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Stop the War protesters marched in Windsor as former Prime Minister Sir Tony Blair received his knighthood at the annual Order of the Garter Service at St George’s Chapel, Windsor Castle. Sir Tony Blair was appointed to the oldest and most senior British Order of Chivalry as a Knight Companion, and the honour prompted a noisy protest outside the castle walls by around 100 Stop the War activists who at one point chanted “Tony Blair war criminal”. Protesters were also filmed holding placards with “Bliar” on them.

Sir Tony walked with Baroness Valerie Amos who joined the Order as a Lady Companion.

The Labour Peer, the first black person to become a Cabinet member, is now also the first black person appointed to the Order.

The appointment, which is made by the Queen, has regularly been bestowed upon past prime ministers, with Sir John Major, Sir Tony’s predecessor, the last to receive the honour.

READ MORE: Fury as Tony Blair gears up to receive Queen’s highest honour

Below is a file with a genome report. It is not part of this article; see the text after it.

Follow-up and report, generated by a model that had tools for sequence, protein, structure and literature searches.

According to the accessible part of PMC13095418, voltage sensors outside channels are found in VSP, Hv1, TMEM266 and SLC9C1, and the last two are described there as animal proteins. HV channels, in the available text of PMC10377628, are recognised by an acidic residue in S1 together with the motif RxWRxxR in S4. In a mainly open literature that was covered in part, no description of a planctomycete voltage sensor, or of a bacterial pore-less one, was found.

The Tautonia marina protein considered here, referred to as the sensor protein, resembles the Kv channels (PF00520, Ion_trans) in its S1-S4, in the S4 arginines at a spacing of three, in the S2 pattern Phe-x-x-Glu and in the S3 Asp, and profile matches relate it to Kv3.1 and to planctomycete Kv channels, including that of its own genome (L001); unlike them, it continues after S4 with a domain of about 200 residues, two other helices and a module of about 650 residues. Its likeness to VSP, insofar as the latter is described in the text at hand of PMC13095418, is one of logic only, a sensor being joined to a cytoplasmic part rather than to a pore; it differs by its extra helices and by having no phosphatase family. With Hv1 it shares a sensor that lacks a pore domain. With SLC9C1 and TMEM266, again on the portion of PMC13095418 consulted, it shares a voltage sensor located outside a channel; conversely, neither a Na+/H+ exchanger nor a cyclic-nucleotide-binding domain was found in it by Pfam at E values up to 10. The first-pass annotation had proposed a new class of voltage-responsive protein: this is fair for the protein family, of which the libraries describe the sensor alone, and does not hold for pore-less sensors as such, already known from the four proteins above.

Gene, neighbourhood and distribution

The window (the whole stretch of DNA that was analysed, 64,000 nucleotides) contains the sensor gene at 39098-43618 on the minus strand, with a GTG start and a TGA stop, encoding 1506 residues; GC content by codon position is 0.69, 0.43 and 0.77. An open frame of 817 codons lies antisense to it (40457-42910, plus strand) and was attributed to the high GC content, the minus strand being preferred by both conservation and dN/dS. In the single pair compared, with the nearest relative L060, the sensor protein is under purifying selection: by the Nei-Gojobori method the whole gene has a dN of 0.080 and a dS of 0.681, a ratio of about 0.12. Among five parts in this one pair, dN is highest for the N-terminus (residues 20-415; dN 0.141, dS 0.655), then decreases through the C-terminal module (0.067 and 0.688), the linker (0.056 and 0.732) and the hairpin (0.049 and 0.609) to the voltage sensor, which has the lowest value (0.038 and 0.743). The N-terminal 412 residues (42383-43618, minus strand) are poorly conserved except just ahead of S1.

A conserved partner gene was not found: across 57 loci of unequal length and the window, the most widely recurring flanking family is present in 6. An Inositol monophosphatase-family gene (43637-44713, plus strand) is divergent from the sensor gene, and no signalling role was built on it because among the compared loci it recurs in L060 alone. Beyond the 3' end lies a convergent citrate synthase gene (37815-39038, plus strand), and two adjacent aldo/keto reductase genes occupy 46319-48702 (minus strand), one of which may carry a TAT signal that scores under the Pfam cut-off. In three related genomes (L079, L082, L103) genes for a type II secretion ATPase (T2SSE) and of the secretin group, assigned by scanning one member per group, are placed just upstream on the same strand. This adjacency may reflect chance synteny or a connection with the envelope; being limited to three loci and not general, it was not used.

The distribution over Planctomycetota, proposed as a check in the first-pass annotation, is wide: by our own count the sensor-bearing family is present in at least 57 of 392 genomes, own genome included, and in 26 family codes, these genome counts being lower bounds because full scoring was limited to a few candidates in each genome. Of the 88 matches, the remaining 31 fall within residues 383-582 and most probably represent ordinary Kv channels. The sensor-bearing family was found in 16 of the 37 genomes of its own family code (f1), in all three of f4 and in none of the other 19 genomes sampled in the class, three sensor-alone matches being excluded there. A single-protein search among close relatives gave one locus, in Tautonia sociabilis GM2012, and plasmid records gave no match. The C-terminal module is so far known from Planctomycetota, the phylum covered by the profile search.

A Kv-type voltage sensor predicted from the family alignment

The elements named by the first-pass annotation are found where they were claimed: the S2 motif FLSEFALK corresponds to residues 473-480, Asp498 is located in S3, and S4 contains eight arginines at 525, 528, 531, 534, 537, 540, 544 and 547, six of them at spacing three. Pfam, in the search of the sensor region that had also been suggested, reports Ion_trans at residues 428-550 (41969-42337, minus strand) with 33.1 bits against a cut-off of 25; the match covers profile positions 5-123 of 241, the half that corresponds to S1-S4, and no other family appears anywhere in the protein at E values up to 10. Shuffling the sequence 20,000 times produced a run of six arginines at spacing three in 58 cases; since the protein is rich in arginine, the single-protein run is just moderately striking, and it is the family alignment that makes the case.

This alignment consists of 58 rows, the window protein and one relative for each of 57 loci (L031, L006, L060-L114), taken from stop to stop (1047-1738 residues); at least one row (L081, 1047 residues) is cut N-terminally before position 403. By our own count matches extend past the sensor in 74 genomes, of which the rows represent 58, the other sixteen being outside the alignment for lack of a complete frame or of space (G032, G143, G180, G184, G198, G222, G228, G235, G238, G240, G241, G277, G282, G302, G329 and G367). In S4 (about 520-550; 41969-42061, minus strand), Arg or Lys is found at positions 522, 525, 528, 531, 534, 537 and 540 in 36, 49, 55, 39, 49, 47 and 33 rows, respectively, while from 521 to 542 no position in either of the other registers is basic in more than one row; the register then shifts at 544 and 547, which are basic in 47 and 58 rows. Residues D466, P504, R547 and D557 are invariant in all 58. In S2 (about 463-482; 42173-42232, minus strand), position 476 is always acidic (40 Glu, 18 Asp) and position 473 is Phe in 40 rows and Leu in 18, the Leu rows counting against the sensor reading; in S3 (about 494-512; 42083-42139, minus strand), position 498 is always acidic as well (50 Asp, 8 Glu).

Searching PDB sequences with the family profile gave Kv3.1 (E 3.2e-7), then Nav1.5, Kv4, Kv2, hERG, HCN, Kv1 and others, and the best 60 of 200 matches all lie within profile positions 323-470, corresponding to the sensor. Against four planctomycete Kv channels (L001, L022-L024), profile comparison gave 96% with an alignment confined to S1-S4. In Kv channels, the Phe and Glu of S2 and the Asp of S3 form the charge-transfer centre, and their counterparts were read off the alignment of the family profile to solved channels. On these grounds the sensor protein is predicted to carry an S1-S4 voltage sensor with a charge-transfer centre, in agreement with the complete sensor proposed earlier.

Upon accepting the knighthood in January, Sir Tony said: “It is an immense honour to be appointed Knight Companion of the Most Noble Order of the Garter, and I am deeply grateful to Her Majesty the Queen.

“It was a great privilege to serve as prime minister and I would like to thank all those who served alongside me, in politics, public service and all parts of our society, for their dedication and commitment to our country.”

Sir Tony led New Labour to a landslide victory in 1997, winning two subsequent general elections before quitting Westminster a decade later, paving the way for his chancellor Gordon Brown to take over as prime minister.

The 68-year-old famously branded Diana, Princess of Wales, the “people’s princess” after her death and was the UK leader during Allied military invasions of Iraq and Afghanistan.

A former John McTernan has previously listed Sir Tony’s previous achievements.

Speaking to LBC, Mr McTernan said: “They’ve honoured Tony Blair because he was a great Prime Minister.

“I notice you make no attempt to deny the achievement of peace in Northern Ireland.”

LBC presenter Andrew Castle interjected: “You’ve had at least four minutes before I gave you the results of the Chilcot Inquiry!

“I think that’s a fair and balanced view.”